Dogs Get Hiccup

Just like humans, dogs get hiccups. As a pet owner, your furry friend may be of so much value to you, and something as mild as a hiccup can freak you out.

However, most people find it adorable, primarily when it occurs in puppies. But whether or not it bothers us that our dogs have hiccups, it bothers our dogs that they have this condition.

When the breathing of your dog is rhythmic, then the breathing is fine. When the diaphragm repeatedly contracts involuntarily, then the dog is said to be having hiccups. The diaphragm is a layer in the body that aids respiration, and it is located between the chest and the abdomen.

This muscle contracts as you breathe in and relax when you breathe out. This is what causes the gentle rise and fall of our chests as we breathe, and this also applies to dogs.

However, when there are repeated involuntary contractions of the diaphragm which interrupts the regular breathing process, then hiccup is said to have occurred.

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Why do dogs get hiccup?

It is suspected that the cause of hiccups in human is the same in dogs too. Hiccup attacks can occur when you eat or drink too fast. Also, dogs get hiccups when they get too excited or stressed.

They can even start hiccupping when they swallow too much air or when they inhale an irritant.

Hiccups occur when they engage in energetic play or when they breathe too fast. However, hiccups may be confused with reverse sneezing. Reverse sneezing occurs when a dog roughly inhales a lot of air through the nose.

How common do dogs get hiccup?

Hiccups in dogs are very much frequent in puppies more than in adult dogs. It occurs in most dogs at least once when they are still puppies. It is suggested that puppies are more prone to get hiccups more than adult dogs.

This is because puppies have higher energy and excitement levels. This makes them eat and drink fast, thereby increasing their chances of having hiccups. Also, puppies are more likely to gain rapid bursts of energy which can make them start breathing too fast.

When they breathe too fast, this may also be out of excitement, and by swallowing too much air, they get hiccups. The internal organs and systems of puppies are not as mature as those of adult dogs. This can contribute to the likelihood of having hiccups.

What can you do to help a dog with hiccups?

Hiccups usually do not last for more than a few minutes. However, some dogs get hiccups longer, and this can be bothersome. It may not be something of a worry to you as you may be under the spell of how admirable you find your puppy at that moment. But this can be quite unpleasant to them.

There is no specific treatment for hiccups. However, some home remedies can help provide relief. To help them control hiccups, you can add something sweet such as glucose syrup, Karo syrup, maple syrup or honey to their drinking water.

When they drink the water, they may get too distracted by the sweetness in the water. This helps to get them relaxed. As they get relaxed, their breathing pattern becomes regular and rhythmic.

Note that hiccups are involuntary and sometimes violent. Therefore, you should not give your hiccupping dog a solid treat to chew because this may cause your dog to choke. Ensure not to give your dog anything sugary because such products regularly contain the substance – Xylitol.

Xylitol can be very harmful to our furry best friends. Some exercises can help improve your pet’s breathing patterns to be smoother and more regular.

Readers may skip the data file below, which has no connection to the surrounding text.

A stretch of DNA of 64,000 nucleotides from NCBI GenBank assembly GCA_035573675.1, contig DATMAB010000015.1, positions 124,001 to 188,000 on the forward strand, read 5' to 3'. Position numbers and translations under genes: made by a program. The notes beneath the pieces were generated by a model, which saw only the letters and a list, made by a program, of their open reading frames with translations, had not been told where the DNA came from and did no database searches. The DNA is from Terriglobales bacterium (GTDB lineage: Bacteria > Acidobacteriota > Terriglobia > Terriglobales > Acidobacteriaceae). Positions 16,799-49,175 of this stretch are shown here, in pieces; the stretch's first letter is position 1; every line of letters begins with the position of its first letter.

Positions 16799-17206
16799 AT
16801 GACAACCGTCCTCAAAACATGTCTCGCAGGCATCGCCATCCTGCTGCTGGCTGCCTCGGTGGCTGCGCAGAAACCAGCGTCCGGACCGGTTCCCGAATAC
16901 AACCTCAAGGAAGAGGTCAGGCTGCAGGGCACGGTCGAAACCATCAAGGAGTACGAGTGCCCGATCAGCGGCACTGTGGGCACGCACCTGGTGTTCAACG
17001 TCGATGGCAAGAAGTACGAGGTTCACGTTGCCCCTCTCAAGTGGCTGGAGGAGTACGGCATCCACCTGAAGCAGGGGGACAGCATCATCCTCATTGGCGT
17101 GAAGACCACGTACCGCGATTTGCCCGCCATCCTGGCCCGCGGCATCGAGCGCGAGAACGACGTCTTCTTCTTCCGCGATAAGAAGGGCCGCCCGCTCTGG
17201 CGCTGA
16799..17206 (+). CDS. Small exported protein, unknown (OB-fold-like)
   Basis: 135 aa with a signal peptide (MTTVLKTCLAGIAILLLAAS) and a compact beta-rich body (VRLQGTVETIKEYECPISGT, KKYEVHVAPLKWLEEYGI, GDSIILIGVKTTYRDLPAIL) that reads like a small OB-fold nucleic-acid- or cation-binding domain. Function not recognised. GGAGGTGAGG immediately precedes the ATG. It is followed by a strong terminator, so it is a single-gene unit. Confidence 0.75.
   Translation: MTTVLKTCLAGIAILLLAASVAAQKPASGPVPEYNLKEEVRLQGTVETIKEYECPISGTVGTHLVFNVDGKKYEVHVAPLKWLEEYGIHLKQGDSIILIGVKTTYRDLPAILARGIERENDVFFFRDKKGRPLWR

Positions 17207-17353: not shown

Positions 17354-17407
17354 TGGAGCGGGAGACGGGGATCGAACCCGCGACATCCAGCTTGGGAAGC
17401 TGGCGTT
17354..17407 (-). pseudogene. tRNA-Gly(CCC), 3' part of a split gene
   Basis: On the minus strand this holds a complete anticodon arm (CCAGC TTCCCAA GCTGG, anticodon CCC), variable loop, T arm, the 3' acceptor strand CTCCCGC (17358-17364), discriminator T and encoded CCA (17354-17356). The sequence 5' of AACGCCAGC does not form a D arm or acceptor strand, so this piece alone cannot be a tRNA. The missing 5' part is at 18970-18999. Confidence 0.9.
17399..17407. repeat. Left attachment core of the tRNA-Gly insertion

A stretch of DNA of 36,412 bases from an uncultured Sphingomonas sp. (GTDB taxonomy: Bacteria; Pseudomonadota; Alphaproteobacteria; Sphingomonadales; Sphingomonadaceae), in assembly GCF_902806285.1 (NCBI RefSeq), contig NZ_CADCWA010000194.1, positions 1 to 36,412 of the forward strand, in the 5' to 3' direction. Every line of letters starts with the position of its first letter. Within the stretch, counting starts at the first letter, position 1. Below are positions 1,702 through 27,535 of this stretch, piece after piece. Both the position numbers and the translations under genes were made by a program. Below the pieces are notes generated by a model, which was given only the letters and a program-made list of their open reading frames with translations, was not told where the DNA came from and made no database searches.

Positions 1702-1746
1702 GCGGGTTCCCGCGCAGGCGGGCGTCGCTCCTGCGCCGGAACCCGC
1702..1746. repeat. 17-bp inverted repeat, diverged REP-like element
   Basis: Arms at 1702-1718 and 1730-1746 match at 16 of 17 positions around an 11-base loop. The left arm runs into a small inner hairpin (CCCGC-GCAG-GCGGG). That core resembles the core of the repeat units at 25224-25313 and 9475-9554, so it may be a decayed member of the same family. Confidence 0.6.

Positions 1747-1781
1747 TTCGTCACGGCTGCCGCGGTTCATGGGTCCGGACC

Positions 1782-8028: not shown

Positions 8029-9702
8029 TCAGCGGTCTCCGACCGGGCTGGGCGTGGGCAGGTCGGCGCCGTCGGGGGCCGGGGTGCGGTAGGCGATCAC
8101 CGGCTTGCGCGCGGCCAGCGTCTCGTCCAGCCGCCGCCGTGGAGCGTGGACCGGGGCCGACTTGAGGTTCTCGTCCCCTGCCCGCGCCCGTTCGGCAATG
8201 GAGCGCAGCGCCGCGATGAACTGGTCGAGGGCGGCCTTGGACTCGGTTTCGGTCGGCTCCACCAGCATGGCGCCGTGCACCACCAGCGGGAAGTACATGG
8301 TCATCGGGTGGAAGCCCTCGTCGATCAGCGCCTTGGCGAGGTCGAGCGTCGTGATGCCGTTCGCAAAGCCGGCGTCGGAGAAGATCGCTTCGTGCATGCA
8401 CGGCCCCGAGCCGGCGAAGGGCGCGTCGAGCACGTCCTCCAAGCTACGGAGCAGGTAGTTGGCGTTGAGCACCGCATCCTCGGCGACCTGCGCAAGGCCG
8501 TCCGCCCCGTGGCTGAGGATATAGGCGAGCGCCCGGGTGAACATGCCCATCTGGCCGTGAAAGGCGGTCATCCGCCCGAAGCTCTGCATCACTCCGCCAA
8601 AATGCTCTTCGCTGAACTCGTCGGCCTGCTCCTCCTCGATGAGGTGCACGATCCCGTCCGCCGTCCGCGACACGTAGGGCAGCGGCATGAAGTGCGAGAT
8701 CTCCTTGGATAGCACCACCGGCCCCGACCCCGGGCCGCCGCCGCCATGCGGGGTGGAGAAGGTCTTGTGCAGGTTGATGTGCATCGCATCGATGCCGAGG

Note that these are light exercises and not vigorous ones. You can even massage their chest or gently startle them when they are hiccupping. This helps in relaxing the diaphragm and regulate their breathing patterns.

You can still treat your dog as you use to. Hiccups should not stop you from playing with your dog. If you are sceptical about this, you can also consult your veterinarian for an adequate recommendation. 

When should you consult a veterinarian?

Dogs Get Hiccup

Many concerned pet owners frequent the veterinary clinic because their dog has a hiccup attack, even when it’s no cause for worry.

However, if your dog is having frequent bouts of hiccup attacks or if the hiccups are persistent that they stay for hours, then you should consult your veterinarian.

On such cases, which are extremely rare, this could be a symptom of other severe underlying conditions. The underlying disease may be pneumonia, heatstroke, pericarditis, asthma or any respiratory defects.

A visit to the veterinary will sure give your dog the professional attention that it needs. First, your veterinarian will talk with you and ask you questions such as:

  • When did the hiccup attacks start?
  • How long did it last?
  • What could have been the trigger?
  • Was your dog eating or drinking too fast?

After that, he or she will have to examine your dog physically. The physical examination includes determining the weight of your dog and the vital signs.

Monitoring the main systems of your dog such as the heart, lungs, and the skin, and the lymph nodes, the abdominal organs, and the orthopaedic system is also inclusive. 

If any abnormality is detected on the course of the physical examination, then specific simple observation is recommended for you to carry out at home. This may include keeping track of the hiccup episodes for several days.

On several occasions, these conditions – reverse sneezing, focal seizures, and reflux disease mimic hiccups episodes. Keeping records of these episodes will help your veterinarian determine what exactly is the problem.

Then a scanning test may be recommended. The X-ray of the chest and abdomen are captured and studied to help identify the possible cause.



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